The Most Fascinating Votes on the Failed NSA Amendment

Raul Labrador is among the ambitious types who voted in favor of the Amash amendment.

Photo by Mark Wilson/Getty Images

The roll call of the Amash amendment vote is up here, and a quick glance reveals a few groups and patterns. Among them:

The Ambitious Types Mostly Voted “Aye.” The House members currently running for Senate or governor, or thinking about it, split their votes. On the “aye” side: New Jersey Rep. Rush Holt (D), Iowa Rep. Bruce Braley (D), Massachusetts Rep. Mike Capuano (D), Louisiana Rep. Bill Cassidy (R), Montana Rep. Steve Daines (R), Georgia Reps. Paul Broun (R) and Jack Kingston (R), Idaho Rep. Raul Labrador (R). On the “no” side: Georgia Rep. Phil Gingrey (R), Arkansas Rep. Tom Cotton (R), and West Virginia Rep. Shelley Moore Capito (R).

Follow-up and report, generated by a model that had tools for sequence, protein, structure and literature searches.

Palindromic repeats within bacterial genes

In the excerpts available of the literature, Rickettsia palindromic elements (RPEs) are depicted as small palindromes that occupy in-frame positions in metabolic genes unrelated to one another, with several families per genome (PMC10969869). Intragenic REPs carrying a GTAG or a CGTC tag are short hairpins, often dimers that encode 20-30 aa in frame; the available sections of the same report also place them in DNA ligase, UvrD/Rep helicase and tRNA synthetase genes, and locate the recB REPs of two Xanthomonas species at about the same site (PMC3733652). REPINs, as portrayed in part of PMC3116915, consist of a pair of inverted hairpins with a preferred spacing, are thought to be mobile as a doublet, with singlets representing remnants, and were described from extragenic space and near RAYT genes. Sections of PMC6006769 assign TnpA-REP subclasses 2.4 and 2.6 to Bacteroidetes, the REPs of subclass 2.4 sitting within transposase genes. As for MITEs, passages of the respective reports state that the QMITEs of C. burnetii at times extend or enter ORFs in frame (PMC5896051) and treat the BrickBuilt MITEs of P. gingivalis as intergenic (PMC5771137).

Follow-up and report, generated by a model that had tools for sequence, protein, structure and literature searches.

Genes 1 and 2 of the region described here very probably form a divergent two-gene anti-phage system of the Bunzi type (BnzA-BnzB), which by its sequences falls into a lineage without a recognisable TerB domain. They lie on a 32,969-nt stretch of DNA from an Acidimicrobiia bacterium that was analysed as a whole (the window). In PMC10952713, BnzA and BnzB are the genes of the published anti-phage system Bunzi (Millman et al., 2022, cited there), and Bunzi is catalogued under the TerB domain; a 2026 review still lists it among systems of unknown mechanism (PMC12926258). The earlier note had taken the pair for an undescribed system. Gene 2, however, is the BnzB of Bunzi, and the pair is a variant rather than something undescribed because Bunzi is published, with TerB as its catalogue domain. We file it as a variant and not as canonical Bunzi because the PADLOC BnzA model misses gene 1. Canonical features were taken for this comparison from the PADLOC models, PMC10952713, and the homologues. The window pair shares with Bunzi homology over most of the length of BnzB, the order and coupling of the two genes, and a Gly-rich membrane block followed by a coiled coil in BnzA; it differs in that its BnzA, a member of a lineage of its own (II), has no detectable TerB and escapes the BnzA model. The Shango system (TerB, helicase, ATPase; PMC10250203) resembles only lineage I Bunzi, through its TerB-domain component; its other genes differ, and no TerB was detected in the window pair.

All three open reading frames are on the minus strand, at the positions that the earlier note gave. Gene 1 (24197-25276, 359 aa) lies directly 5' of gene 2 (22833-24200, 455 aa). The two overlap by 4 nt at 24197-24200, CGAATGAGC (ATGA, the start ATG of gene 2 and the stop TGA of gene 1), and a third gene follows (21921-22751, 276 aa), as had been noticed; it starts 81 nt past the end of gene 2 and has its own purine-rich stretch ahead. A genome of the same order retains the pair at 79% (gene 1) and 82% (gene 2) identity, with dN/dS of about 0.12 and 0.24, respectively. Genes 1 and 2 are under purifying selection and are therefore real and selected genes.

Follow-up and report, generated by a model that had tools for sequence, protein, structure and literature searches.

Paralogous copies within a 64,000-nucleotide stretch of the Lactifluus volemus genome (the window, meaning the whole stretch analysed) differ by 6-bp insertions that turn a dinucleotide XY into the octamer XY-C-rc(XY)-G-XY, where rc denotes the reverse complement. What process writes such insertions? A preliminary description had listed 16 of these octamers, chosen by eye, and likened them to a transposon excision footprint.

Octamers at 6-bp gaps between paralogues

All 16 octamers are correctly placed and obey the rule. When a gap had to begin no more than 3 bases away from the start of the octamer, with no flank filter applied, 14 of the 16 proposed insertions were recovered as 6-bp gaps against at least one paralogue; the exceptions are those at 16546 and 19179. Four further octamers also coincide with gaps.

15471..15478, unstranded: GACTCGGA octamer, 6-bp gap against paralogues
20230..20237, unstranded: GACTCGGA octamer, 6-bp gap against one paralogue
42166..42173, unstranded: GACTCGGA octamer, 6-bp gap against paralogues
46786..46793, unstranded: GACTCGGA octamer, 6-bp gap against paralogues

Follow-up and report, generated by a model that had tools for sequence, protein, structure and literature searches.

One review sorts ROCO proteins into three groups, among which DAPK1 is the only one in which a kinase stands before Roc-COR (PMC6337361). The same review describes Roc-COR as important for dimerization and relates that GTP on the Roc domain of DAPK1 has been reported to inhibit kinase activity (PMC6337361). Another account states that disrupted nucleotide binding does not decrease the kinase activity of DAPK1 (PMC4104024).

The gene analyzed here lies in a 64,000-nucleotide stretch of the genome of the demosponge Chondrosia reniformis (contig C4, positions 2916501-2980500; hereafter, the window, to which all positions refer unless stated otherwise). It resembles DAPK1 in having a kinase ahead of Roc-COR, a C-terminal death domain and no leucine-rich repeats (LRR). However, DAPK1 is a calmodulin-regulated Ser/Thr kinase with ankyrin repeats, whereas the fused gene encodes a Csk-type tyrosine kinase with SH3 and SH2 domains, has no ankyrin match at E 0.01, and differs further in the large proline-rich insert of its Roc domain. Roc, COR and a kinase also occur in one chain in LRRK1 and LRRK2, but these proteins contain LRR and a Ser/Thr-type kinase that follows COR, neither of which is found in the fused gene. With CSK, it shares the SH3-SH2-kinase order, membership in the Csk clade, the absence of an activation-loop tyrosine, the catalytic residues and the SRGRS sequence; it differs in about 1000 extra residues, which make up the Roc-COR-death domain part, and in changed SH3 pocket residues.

The Flippin’ Democrats. In 2005 a substantial number of members voted against Patriot Act renewal. Most were Democrats, and most of them (the ones still around) voted for the Amash amendment. Among the members who voted no in 2005 and no today: Indiana Rep. Pete Viclosky, Illinois Rep. Luis Gutierrez, Florida Reps. Corrine Brown and Debbie Wasserman Schultz, California Reps. Nancy Pelosi, Mike Thompson, and Sue Davis. Oh, and in 2005, Maryland Rep. Chris Van Hollen voted against new Patriot on grounds of concern about section 215.*

The Flippin’ Republicans. I count 17 Republicans who voted for Patriot in 2005 but for Amash now: Spencer Bachus, Joe Barton, Marsha Blackburn, Michael Burgess, Steve Chabot, Scott Garrett, Louie Gohmert, Jack Kingston, Kenny Marchant, Patrick McHenry, Cathy McMorris Rodgers, John Mica, Gary Miller, Tom Petri, Jim Sensebrenner, Joe Wilson.

*Correction, July 25, 2013: David Weigel misstated that Chris Van Hollen objected to Section 214 of the Patriot Act.